• NS - normal saline (0.9%)
  • 1/2NS - half normal saline (0.45%)
  • N.T.E. - not to exceed
  • o_2 - both eyes, sometimes written as o2
  • o.d. (oculus dexter) - right eye
  • o.s. (oculus sinister) - left eye
  • o.u. (oculo utro) - both eyes
  • oz - ounce
  • per - by or through
  • p.c. (post cibum) - after meals
  • p.m. (post meridiem) - evening or afternoon
  • prn (pro re nata) - as needed
  • p.o. (per os) - by mouth or orally
  • p.r. - by rectum
  • pulv. (pulvis) - powder
  • q (quaque) - every
  • q.a.d. (quoque alternis die) - every other day
  • q.h. (quaque hora) - every hour
  • q.1h (quaque 1 hora) - every 1 hour; (can replace "1" with other numbers)
  • q.d. (quaque die) - every day
  • q.i.d. (quater in die) - four times a day
  • q.o.d. - every other day
  • q.s. (quantum sufficiat) - a sufficient quantity
  • R- rectal
  • rep., rept. (repetatur) - repeats
  • RL, R/L - Ringer's lactate
  • s (sine) - without (usually written with a bar on top of the "s")
  • s.a. (secundum artum) - use your judgement
  • SC, subc, subq, subcut - subcutaneous
  • sig - write on label
  • SL - sublingually, under the tongue
  • S.O.B. - shortness of breath
  • sol (solutio) - solution
  • s.o.s., si op. sit (si opus sit) - if there is a need
  • ss (semis) - one half
  • stat (statim) - immediately
  • supp (suppositorium) - suppository
  • susp - supsension
  • syr (syrupus) - syrup
  • tab (tabella) - tablet
  • tal., t (talus) - such
  • tbsp - tablespoon
  • troche (trochiscus) - lozenge
  • tsp - teaspoon
  • t.i.d. (ter in die) - three times a day
  • t.i.w. - three times a week
  • top. - topical
  • T.P.N. - total parenteral nutrition
  • tr, tinc., tinct. - tincture
  • u.d., ut. dict. (ut dictum) - as directed
  • ung. (unguentum) - ointment
  • U.R.I. - upper respitory infection
  • U.S.P. - United States Pharmacopoeia
  • U.T.I. - urinary tract infection
  • vag - vaginally
  • V.S. - vital signs
  • w - with
  • W.B.C. - white blood count
  • w/o - without
  • X - times
  • Y.O. - years old

To avoid ambiguity, the following abbreviations are not recommended [32] (

  • a.u., a.d., a.s. - Latin for both, left and right ears; the "a" can be misread to be an "o" and interpreted to mean both, right or left eyes
  • d/c - can mean "discontinue" or "discharge"
  • h.s. - can mean half strength or "hour of sleep"
  • q.d. - meant "every day" but the "." after the "q" is interpreted to be an "i" thus "q.i.d." or quadrupling the dose to 4 times a day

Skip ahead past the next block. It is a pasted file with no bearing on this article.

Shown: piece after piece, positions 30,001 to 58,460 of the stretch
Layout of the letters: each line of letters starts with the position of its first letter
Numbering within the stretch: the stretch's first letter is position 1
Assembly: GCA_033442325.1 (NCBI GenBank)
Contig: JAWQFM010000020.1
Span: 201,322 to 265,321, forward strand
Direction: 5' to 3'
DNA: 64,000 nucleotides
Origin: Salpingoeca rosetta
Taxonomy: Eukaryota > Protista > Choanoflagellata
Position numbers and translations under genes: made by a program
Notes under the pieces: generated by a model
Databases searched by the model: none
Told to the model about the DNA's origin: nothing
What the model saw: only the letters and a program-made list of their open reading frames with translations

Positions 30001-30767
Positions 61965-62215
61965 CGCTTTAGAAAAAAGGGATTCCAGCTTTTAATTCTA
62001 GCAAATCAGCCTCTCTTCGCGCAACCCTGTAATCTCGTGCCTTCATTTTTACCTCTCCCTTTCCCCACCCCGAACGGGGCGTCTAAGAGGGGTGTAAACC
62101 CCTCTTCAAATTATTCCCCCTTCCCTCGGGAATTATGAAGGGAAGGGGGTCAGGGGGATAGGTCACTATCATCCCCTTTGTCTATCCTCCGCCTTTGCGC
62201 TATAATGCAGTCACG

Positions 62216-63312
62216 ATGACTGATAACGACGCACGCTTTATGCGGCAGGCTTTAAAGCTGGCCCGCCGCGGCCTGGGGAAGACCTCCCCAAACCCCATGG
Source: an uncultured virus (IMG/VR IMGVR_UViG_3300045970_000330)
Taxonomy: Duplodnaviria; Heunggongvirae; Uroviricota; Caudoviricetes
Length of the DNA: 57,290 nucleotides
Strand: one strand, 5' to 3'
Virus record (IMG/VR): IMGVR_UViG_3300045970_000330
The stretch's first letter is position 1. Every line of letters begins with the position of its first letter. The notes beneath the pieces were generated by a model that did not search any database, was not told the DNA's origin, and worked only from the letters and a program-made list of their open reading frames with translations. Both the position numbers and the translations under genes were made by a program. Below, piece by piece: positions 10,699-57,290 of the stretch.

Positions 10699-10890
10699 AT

• q.o.d. - meant "every other day" but the "o" can be interpreted as "." or "i" resulting in double or eight times the frequency
  • SC/SQ - meant "subcutaneaous" but mistaken for "SL" for "sublingual"
  • T.I.W - meant 3 times a week but mistaken for twice a week
  • U - meant "units" but mistaken for "0", "4" or "cc" when poorly written; conversely cc can be mistaken for "U"
  • μg - meant "microgram" but mistaken for "mg"; this 1000-fold error can cause potentially fatal misunderstandings

Exhibit A: sample legal definition of a prescription

Taken from California's Business and Professions Code Section 4040 [33] (

4040. (a) "Prescription" means an oral, written, or electronic transmission order that is both of the following:
(1) Given individually for the person or persons for whom ordered that includes all of the following:
(A) The name or names and address of the patient or patients.
(B) The name and quantity of the drug or device prescribed and the directions for use.
(C) The date of issue.
(D) Either rubber stamped, typed, or printed by hand or typeset, the name, address, and telephone number of the prescriber, his or her license classification, and his or her federal registry number, if a controlled substance is prescribed.
(E) A legible, clear notice of the condition for which the drug is being prescribed, if requested by the patient or patients.
(F) If in writing, signed by the prescriber issuing the order, or the certified nurse-midwife, nurse practitioner, or physician assistant who issues a drug order pursuant to Section 2746.51,2836.1, or 3502.1.
(2) Issued by a physician, dentist, optometrist, podiatrist, or veterinarian or, if a drug order is issued pursuant to Section 2746.51, 2836.1, or 3502.1, by a certified nurse-midwife, nurse practitioner, or physician assistant licensed in this state.
(b) Notwithstanding subdivision (a), a written order of the prescriber for a dangerous drug, except for any Schedule II controlled substance, that contains at least the name and signature of the prescriber, the name and address of the patient in a manner consistent with paragraph (3) of subdivision (b) of Section 11164 of the Health and Safety Code, the name and quantity of the drug prescribed, directions for use, and the date of issue may be treated as a prescription by the dispensing pharmacist as long as any additional information required by subdivision (a) is readily retrievable in the pharmacy. In the event of a conflict between this subdivision and Section 11164 of the Health and Safety Code, Section 11164 of the Health and Safety Code shall prevail.
(c) "Electronic transmission prescription" includes both image and data prescriptions. "Electronic image transmission prescription" means any prescription order for which a facsimile of the order is received by a pharmacy from a licensed prescriber. "Electronic data transmission prescription" means any prescription order, other than an electronic image transmission prescription, that is electronically transmitted from a licensed prescriber to a pharmacy.
(d) The use of commonly used abbreviations shall not invalidate an otherwise valid prescription.